FIGS. 7a and 7b are elevation views illustrating flow nets at buildings whose basements are either above or below the water table. The rainfall on the ground from 0 to 20 feet from the building may fall uniformly and may flow toward the building basement with an average hydraulic gradient equivalent to a 10 foot distance. However, all rainfall on the building and/or discharge from a sump pump will be discharged through the underground discharge system at an aboveground outlet between 20 and 35 feet from the building. The water table in FIGS. 7a and 7b will then be affected as described with reference to FIG. 1. The rainwater/underground discharge system will eliminate the need for any sump pump for all houses or buildings whose basements are above the water table, or whose basements are no more than about 11/2 feet below the water table (a typical building wall and basement floor can resist approximately 11/2 feet of hydrostatic head of water table, without a sump pump) For the small percentage of houses or buildings whose basements are or will be more than about 11/2 feet below the water table and require a sump pump, the underground discharge system with its reduced flow to the basement minimizes costs related to the number of daily pumpages of the sump pump and its maintenance, and maximizes the life of the sump pump.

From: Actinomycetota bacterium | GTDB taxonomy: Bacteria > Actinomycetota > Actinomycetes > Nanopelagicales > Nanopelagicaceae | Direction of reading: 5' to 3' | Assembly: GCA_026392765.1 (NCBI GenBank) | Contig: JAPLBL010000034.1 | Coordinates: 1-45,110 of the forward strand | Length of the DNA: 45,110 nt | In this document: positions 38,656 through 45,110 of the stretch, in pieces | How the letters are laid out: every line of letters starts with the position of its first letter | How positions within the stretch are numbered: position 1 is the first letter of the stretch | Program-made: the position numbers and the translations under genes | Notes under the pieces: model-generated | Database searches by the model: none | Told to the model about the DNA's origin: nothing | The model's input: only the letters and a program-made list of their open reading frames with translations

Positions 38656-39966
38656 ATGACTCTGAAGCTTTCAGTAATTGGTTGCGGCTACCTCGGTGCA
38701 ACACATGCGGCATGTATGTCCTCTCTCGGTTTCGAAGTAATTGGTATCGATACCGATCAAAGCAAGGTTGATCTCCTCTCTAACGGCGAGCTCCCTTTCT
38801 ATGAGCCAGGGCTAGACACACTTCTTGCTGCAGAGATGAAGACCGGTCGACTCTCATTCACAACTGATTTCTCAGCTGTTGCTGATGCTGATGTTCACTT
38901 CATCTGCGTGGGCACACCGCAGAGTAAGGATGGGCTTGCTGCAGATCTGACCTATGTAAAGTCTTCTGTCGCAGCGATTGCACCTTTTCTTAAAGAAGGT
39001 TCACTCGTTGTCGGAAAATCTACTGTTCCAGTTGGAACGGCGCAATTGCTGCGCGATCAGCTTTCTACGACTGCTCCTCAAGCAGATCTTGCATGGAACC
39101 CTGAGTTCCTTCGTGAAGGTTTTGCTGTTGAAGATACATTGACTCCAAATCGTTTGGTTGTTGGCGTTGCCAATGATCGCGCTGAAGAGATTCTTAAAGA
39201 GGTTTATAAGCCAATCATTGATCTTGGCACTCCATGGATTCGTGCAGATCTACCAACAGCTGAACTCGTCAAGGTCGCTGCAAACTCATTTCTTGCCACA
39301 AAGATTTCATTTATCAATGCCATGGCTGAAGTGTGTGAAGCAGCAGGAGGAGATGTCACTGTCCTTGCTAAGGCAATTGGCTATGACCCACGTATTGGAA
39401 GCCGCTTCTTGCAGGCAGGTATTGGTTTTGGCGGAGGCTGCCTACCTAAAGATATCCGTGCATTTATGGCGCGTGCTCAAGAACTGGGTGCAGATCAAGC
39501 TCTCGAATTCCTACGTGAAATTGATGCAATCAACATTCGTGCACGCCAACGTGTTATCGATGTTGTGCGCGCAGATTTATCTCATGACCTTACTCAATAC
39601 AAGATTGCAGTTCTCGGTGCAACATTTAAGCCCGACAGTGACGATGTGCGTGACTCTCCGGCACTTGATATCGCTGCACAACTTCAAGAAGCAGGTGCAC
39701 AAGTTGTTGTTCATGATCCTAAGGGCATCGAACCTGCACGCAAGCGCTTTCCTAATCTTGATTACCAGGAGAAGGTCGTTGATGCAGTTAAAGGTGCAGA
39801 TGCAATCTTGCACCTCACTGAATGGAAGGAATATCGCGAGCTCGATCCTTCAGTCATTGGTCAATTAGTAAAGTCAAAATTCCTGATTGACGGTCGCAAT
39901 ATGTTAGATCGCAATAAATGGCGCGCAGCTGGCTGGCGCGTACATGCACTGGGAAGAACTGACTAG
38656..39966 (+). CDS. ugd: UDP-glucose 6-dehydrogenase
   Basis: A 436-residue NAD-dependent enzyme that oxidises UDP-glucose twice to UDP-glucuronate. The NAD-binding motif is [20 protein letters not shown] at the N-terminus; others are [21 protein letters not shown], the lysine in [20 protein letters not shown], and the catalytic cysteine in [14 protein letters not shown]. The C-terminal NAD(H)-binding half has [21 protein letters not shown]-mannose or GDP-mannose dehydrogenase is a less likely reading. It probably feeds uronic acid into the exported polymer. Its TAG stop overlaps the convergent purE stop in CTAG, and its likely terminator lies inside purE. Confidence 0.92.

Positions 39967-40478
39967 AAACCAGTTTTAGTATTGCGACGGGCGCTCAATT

FIGS. 8a and 8b are views showing a control mechanism with a pressure relief valve in the basement sump. This would be installed in the small percentage of houses or buildings whose basements are or will be more than about 11/2 feet below the water table, and require a sump pump (see FIG. 7b). The sump pump would be activated during and after a heavy rainfall (less than 25% of the year) when the hydrostatic head against the outside building wall and the inside basement floor is greater than about 11/2 feet. The hydrostatic head above the basement floor or sump could be independently determined by a calibrated gauge as shown in FIG. 8b. In FIG. 8b, reference character 80 designates a wooden plug which may be approximately 1 inch thick and 3 inches in diameter with a 1/2 to 3/4 inch hole in the center and a perimeter rubber gasket. Reference character 81 designates a 1/2 to 3/4 inch pipe flange with an inside thread, reference character 82 designates a 1/2 to 3/4 inch pipe nipple which may be 1 inch-11/2 inches long, and reference character 83 designates a 11/2 to 3/4 inch pressure relief valve set to activate at 11/2 feet of hydrostatic head. To determine the hydrostatic head, the pressure relief valve 83 could be removed and pipe tee 84 could be fitted onto the nipple 82 and capped with an end cap 85. A calibrated gage 86, may of plastic, glass or other transparent material, could be fitted to the pipe tee 84.